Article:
Secondly, gender inequality often makes it difficult for women to seek legal [2]recourse when they experience marital rape. Due to social and cultural norms, women may not speak out against their husbands. Furthermore, the legal system may not recognize marital rape as a crime, making it challenging for women to seek justice.

Thirdly, gender inequality in terms of economic and social power often makes it challenging for women to leave abusive marriages, including those involving marital rape. In many cases, women may be financially dependent on their husbands and may not have the means to leave the marriage.

Furthermore, social norms may make it difficult for women to leave their marriages, as divorce may be stigmatized in their communities. Finally, marital rape is a manifestation of gender inequality, which perpetuates the power imbalance between men and women in relationships and needs to be addressed.

Looking forward into Feminist Perspective:

The feminist perspective on marital rape is centered around the idea that sexual violence within marriage is a form of gender-based violence that perpetuates the power imbalance between men and women. From a feminist perspective, women should have control over their own bodies and have the right to choose when and with whom they engage in sexual activities.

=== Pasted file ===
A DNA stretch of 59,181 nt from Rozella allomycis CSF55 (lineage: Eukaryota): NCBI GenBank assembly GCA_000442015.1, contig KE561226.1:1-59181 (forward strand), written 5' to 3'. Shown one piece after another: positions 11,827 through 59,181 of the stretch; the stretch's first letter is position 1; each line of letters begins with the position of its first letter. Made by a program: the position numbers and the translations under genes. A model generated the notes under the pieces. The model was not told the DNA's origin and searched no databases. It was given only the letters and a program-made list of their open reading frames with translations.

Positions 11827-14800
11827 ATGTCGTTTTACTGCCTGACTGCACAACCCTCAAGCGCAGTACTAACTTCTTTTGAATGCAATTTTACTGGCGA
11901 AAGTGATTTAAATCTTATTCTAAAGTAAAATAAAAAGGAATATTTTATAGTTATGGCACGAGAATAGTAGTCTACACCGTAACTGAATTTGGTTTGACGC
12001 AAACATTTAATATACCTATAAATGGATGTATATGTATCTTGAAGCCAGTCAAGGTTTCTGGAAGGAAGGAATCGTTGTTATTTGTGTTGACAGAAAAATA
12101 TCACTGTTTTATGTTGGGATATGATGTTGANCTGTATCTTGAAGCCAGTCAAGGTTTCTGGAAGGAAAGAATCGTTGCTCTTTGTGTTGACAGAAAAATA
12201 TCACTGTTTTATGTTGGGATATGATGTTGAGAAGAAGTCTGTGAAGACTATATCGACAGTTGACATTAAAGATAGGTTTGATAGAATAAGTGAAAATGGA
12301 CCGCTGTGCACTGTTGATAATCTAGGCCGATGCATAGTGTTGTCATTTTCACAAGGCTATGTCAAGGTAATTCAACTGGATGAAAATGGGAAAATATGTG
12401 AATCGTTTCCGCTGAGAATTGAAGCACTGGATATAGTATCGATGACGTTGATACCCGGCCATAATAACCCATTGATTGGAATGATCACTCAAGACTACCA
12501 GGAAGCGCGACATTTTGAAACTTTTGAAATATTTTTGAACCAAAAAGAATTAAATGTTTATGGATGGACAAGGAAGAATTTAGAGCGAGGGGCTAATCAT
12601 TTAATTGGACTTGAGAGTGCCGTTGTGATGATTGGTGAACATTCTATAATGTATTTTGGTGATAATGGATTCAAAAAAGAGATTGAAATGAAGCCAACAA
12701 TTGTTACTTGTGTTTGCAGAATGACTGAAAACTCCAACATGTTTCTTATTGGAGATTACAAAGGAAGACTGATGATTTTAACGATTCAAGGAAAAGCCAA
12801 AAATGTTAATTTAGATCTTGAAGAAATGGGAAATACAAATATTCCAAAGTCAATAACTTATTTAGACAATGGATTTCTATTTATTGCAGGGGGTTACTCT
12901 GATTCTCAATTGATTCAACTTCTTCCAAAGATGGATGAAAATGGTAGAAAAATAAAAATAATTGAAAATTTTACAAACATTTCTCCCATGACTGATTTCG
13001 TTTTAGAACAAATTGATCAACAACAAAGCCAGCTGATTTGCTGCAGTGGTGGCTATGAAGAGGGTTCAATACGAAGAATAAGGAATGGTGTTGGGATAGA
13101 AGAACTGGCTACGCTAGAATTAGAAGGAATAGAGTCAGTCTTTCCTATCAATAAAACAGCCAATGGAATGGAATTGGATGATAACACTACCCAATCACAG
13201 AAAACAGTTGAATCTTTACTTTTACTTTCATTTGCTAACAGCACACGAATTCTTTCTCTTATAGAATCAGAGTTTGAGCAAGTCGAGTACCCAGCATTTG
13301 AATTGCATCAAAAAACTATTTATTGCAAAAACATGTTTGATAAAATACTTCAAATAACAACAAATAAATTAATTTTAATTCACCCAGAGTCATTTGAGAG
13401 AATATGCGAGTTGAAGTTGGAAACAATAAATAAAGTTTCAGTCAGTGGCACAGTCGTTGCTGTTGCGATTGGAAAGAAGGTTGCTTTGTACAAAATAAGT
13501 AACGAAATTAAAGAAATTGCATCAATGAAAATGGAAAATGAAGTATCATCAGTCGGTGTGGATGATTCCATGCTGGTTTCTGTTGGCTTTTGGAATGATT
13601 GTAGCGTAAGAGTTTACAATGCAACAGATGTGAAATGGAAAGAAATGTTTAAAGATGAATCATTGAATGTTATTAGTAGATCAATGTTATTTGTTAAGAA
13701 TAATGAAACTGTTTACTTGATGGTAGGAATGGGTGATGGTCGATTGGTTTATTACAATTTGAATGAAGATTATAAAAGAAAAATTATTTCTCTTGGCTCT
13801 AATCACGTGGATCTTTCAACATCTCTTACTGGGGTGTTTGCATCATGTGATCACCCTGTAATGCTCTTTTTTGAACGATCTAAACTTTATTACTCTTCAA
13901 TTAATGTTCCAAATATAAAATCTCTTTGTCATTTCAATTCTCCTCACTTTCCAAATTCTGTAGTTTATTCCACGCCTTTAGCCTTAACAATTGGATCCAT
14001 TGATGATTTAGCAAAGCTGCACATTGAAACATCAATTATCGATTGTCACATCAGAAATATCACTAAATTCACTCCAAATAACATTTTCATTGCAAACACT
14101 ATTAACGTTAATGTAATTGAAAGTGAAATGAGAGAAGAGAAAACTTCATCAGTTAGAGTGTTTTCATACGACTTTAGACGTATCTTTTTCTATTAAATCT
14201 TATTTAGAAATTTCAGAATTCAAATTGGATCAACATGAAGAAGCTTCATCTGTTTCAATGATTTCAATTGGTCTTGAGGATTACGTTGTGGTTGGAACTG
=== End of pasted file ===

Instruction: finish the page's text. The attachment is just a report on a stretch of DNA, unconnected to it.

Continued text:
In contrast, the Indian situation is complex, as the issue of marital rape is still largely ignored and stigmatized in the country. India's patriarchal society has long ignored the issue of sexual violence within marriage, and there is a lack of legal protection for women who experience marital rape. India's legal system does not recognize marital rape as a criminal offense, and there are no laws in place to protect women from it.

Furthermore, cultural and social norms in India often place a significant burden on women to maintain the sanctity of marriage, even at the cost of their own well-being. Women who speak out against their husbands may be ostracized and face social stigma, making it challenging for them to seek legal and social support.

However, there is a growing feminist movement in India that is challenging the cultural and legal norms that perpetuate gender inequality and violence against women, including marital rape. Feminist organizations in India have been working to raise awareness about the issue of marital rape and to advocate for legal and social protections for women who experience it. Some examples of feminist movements and organizations in India that are working to address the issue of marital rape.

The Pinjra Tod movement, a student-led feminist collective that began in Delhi in 2015, aims to challenge the patriarchal norms that limit women's freedom and mobility, both inside and outside of educational institutions. The group has been active in protesting against sexual harassment and violence, including marital rape; the "One Billion Rising" Campaign is a global movement that aims to end violence against women and girls; the "Majlis Legal Centre" is a feminist legal aid and advocacy organisation based in Mumbai. The organisation provides legal support to women who have experienced violence and discrimination, including marital rape. The Majlis Legal Centre has been actively involved in advocating for legal reform to recognise marital rape as a criminal offence in India.